Appl. Sci. 2019, 9(10), 2087; https://doi.org/10.3390/app9102087 - 21 May 2019
Cited by 1
Abstract
For the Taiji space gravitational wave detection and its pathfinder mission, ultraprecise technology for optical assembly must be adopted to satisfy the high measurement sensitivities required. In this paper, we construct and evaluate an optical bench to assess its precision in optical assembly [...] Read more.
For the Taiji space gravitational wave detection and its pathfinder mission, ultraprecise technology for optical assembly must be adopted to satisfy the high measurement sensitivities required. In this paper, we construct and evaluate an optical bench to assess its precision in optical assembly and bonding. We opted for hydroxide-catalysis bonding technology and designed a corresponding adjustment scheme to achieve an ultraprecise assembly for the optical bench. After alignment, the angular deviation between the interference beam and its ideal position in the global coordinate system is no more than 45 μrad, and positional deviation is less than 10 μm. The final experimental results indicate that the measurement precision of the evaluated board is 6 pm/√Hz, which meets the specifications required for the Taiji pathfinder. Full article
(This article belongs to the Special Issue High-speed Optical 3D Shape and Deformation Measurement)
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Open AccessArticle
Real-Time GPU-Based Digital Image Correlation Sensor for Marker-Free Strain-Controlled Fatigue Testing
Appl. Sci. 2019, 9(10), 2025; https://doi.org/10.3390/app9102025 - 16 May 2019
Cited by 1
Abstract
Digital image correlation (DIC) is a highly accurate image-based deformation measurement method achieving a repeatability in the range of   σ =   10−5 relative to the field-of-view. The method is well accepted in material testing for non-contact strain measurement. However, the [...] Read more.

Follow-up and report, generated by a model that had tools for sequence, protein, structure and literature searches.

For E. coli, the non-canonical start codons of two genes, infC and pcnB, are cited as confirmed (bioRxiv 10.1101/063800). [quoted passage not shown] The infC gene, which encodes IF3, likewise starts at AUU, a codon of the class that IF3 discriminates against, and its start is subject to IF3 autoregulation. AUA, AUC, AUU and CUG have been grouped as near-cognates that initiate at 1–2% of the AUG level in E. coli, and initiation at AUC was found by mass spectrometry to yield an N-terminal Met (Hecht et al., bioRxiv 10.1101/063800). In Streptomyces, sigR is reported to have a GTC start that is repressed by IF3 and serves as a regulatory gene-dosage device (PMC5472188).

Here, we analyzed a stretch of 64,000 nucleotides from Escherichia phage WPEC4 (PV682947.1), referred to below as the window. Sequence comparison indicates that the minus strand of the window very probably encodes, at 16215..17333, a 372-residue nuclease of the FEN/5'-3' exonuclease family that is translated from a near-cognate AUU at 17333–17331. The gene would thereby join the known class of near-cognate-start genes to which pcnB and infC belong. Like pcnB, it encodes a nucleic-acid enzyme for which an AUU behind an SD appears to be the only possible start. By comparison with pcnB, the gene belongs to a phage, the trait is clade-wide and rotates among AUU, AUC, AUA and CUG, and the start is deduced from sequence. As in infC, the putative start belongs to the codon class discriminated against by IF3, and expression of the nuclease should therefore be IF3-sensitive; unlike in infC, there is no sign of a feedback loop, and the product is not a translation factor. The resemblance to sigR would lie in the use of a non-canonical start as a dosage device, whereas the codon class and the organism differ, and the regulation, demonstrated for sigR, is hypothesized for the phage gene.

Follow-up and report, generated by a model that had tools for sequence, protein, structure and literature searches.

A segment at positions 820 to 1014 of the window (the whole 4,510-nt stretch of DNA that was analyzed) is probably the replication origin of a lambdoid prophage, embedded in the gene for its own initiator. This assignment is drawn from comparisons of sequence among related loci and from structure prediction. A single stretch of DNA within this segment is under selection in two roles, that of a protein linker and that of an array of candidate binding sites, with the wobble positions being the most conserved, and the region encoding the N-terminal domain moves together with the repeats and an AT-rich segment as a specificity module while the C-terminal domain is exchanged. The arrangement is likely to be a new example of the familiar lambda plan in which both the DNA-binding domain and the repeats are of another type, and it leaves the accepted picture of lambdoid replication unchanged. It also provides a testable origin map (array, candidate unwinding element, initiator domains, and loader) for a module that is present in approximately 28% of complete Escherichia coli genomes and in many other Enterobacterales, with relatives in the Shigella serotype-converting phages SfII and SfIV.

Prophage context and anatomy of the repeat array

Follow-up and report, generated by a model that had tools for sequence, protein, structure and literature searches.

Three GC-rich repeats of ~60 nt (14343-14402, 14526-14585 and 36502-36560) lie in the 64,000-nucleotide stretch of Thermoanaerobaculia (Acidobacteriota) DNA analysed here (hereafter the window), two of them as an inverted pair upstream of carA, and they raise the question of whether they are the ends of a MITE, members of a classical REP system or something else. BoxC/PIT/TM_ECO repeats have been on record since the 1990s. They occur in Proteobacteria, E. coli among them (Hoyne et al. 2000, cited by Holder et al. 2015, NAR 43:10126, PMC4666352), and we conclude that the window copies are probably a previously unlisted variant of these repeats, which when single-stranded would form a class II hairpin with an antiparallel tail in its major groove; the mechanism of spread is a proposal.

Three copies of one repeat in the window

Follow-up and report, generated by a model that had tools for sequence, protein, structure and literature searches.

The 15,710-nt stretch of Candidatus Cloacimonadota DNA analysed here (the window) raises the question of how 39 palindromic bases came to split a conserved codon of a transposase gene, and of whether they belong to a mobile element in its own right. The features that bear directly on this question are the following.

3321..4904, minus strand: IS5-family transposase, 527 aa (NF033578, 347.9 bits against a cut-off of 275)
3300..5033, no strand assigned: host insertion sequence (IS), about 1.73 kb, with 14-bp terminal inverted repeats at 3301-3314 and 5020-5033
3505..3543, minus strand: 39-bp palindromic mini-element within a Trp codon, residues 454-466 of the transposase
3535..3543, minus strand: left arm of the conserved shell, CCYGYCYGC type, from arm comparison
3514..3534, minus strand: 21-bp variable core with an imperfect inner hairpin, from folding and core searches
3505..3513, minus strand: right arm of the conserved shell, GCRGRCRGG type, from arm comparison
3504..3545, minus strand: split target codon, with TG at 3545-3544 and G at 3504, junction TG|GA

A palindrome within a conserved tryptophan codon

Digital image correlation (DIC) is a highly accurate image-based deformation measurement method achieving a repeatability in the range of   σ =   10−5 relative to the field-of-view. The method is well accepted in material testing for non-contact strain measurement. However, the correlation makes it computationally slow on conventional, CPU-based computers. Recently, there have been DIC implementations based on graphics processing units (GPU) for strain-field evaluations with numerous templates per image at rather low image rates, but there are no real-time implementations for fast strain measurements with sampling rates above 1 kHz. In this article, a GPU-based 2D-DIC system is described achieving a strain sampling rate of 1.2 kHz with a latency of less than 2 milliseconds. In addition, the system uses the incidental, characteristic microstructure of the specimen surface for marker-free correlation, without need for any surface preparation—even on polished hourglass specimen. The system generates an elongation signal for standard PID-controllers of testing machines so that it directly replaces mechanical extensometers. Strain-controlled LCF measurements of steel, aluminum, and nickel-based superalloys at temperatures of up to 1000 °C are reported and the performance is compared to other path-dependent and path-independent DIC systems. According to our knowledge, this is one of the first GPU-based image processing systems for real-time closed-loop applications. Full article
(This article belongs to the Special Issue High-speed Optical 3D Shape and Deformation Measurement)
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Open AccessArticle